In 1964, the SR-71 was unveiled by President Lyndon B. Johnson. The new plane flew faster and higher than anything else, making it uncatchable. However, the Soviets thought they had the perfect solution.
The MiG-25 Foxbat was created to go head to head with the B-70 Valkyrie, which never came. However, the MiG-25 made the perfect opponent for the SR-71.
The United States only made the SR-71 in small batches. The Soviets, on the other hand, made 1,200 MiG-25s. The Soviet Union sent some to Iraq, Syria, and Libya, but many of the planes stayed there.
The Foxbat topped out at 2,156 miles per hour and fired an AA-6 Acrid. The weapon had a 150-pound warhead with a max range of 30 miles at speeds up to Mach 4.5.
The Soviets originally created the plane to take out bombers, but there was a lot that the U.S. did not know about the plane. First was in the Yom Kippur War, the MiG-25s outflew the Israeli F-4s, a concerning feat.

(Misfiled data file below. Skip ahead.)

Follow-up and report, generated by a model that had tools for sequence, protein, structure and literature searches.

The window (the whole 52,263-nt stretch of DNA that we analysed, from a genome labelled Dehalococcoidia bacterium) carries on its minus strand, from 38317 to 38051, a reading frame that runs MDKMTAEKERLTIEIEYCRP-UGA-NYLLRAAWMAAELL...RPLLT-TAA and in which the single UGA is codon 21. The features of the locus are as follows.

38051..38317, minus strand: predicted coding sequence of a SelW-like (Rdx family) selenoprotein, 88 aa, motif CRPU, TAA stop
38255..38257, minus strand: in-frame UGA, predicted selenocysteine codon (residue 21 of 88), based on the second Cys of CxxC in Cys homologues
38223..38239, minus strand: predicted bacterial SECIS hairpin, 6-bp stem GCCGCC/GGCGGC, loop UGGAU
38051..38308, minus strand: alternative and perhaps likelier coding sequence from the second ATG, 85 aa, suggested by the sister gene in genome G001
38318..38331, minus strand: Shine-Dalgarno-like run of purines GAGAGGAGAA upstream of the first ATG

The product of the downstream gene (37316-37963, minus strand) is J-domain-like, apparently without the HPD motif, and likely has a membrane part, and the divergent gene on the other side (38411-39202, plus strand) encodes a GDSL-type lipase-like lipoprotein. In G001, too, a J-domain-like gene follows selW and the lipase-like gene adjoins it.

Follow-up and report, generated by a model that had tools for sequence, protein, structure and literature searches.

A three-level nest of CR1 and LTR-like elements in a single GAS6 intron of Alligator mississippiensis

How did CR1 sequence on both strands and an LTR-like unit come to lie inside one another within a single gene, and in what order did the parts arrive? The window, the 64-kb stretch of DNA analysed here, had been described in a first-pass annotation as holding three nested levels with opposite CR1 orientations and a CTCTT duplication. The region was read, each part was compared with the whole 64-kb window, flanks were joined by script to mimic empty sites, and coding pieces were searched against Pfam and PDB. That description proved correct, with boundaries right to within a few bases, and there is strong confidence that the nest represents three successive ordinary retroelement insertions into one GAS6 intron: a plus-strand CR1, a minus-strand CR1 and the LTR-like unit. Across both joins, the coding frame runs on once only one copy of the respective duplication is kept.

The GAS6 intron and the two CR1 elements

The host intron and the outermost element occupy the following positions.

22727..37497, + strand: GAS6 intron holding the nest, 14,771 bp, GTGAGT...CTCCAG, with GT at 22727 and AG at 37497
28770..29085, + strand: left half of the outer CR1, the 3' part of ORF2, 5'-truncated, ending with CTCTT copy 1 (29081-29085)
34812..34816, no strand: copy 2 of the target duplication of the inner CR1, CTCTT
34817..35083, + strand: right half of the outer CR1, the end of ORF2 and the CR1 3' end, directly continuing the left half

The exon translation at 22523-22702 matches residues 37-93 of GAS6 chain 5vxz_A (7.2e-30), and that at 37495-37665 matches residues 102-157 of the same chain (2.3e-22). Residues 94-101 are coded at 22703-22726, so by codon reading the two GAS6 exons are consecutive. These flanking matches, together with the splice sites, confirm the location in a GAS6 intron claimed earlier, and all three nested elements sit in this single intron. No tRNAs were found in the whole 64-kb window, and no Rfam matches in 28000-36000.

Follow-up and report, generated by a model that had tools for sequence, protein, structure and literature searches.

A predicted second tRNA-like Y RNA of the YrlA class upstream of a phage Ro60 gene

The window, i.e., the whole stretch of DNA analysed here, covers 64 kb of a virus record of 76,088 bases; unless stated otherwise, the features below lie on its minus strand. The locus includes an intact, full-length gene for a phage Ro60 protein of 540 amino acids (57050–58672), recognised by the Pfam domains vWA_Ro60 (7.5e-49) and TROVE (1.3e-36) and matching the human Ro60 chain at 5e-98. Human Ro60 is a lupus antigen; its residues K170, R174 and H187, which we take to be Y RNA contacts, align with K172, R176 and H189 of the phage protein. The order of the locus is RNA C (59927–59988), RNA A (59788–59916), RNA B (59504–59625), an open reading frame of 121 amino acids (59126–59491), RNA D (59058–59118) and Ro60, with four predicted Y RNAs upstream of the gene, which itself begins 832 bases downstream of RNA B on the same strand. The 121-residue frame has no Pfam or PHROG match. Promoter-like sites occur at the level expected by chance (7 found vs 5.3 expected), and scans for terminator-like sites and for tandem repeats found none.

The Air Force decided it needed another plane that could take on the MiG-25, and the F-15 Eagle was born. The two planes battled it out in the Middle East.
The F-15 Eagle was victorious, and the MiG-25 shrank into second. However, some believe that Scott Speicher, a F/A-18 Hornet pilot, was shot down by a MiG-25 on the first day of Desert Storm.
But no one knows for sure. Others are positive it wasn’t an Iraqi MiG-25 but an SA-2 Guideline. But, of course, we will never know for sure.